At least 3,500 donated kidneys thrown away each year in US, study finds

A new study found that while more than 100,000 people in the United States are waiting to receive a kidney transplant, approximately 3,500 donated kidneys are discarded each year.

The findings, published Monday in JAMA Internal Medicine, found that 156,089 kidneys were donated between 2004 and 2014. Of those, 128,102 were transplanted and 27,987 — or nearly 18 percent — were thrown out.

Roughly 37 million American adults have chronic kidney disease. According to the National Kidney Foundation, 12 people die each day while waiting for a kidney transplant in the United States. The issue prompted President Donald Trump to sign an executive order in July aimed at revamping care for kidney disease.

Since the study ended, the number of discarded kidneys has increased. In 2016, researchers noted that 3,631 — or 20 percent — were thrown out.

In contrast, researchers found that France received 29,984 donated kidneys between 2004 and 2014 and 2,732 — or 9 percent — were discarded. The study’s authors noted that French health officials accepted “lower-quality” kidneys from older donors and those with health issues such as diabetes and hypertension.

A kidney transplant is performed in Nice, France. (Photo by: BSIP/Universal Images Group via Getty Images)

The average age of a kidney donor in the United States was found to be 39, while the average age in France was 56.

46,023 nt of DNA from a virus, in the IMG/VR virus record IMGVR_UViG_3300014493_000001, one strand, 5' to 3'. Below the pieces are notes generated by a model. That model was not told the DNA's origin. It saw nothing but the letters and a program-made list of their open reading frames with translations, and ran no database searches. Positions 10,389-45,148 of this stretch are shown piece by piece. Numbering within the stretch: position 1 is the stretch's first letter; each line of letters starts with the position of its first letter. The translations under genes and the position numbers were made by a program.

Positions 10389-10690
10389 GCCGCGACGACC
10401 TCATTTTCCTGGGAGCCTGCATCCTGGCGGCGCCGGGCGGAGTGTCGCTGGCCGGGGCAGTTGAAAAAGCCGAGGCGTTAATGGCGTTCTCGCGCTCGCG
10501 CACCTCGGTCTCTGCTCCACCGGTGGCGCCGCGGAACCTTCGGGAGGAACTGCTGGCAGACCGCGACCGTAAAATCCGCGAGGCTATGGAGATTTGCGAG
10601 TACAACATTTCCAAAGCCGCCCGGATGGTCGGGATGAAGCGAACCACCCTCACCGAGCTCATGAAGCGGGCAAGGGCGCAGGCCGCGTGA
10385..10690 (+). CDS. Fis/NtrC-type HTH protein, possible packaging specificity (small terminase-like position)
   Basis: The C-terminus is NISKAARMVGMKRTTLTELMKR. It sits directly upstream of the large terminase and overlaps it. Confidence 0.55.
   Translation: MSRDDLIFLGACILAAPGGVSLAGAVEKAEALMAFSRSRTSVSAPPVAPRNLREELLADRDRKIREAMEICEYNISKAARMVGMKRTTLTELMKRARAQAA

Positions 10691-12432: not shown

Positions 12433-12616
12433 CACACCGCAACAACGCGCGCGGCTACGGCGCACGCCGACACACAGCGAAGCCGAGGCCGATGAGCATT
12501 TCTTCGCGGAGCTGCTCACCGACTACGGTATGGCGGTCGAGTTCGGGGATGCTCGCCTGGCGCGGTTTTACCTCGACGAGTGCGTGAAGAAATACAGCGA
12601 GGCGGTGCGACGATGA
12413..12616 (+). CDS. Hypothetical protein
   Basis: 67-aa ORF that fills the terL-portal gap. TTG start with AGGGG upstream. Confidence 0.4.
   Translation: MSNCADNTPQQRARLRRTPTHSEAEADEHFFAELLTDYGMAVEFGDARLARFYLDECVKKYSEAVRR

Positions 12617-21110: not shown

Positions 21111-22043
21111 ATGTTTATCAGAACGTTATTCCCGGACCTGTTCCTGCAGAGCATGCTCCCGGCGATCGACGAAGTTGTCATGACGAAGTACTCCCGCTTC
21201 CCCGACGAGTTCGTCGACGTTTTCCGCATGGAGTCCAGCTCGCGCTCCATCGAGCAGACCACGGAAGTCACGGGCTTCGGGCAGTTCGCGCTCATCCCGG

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The authors of the study suggested that patients waiting for kidney transplants would benefit if centers in the United States “were more willing to accept lower-quality kidneys,” including those from older, deceased donors.

With the development of new treatment methods to manage the complications of organ transplants, recent studies have suggested that even the lowest-quality kidneys lengthen the life span, on average, for recipients — compared to dialysis.

Researchers in the study added that the “intense regulatory scrutiny of U.S. transplant programs” could also be a further explanation as to the high rate of discarded kidney donations. They noted that some programs could “lose credentials if their one-year death and graft failure outcomes exceed predicted outcomes.”

In short, transplant centers may avoid the potential risk and wait for the better kidney.

“Policies designed to enhance the acceptance of donated kidneys in the United States could drive meaningful increases in the number of kidney transplants and bring the benefits of transplantation to thousands of wait-listed patients,” the study’s authors concluded.

This story was reported from Los Angeles.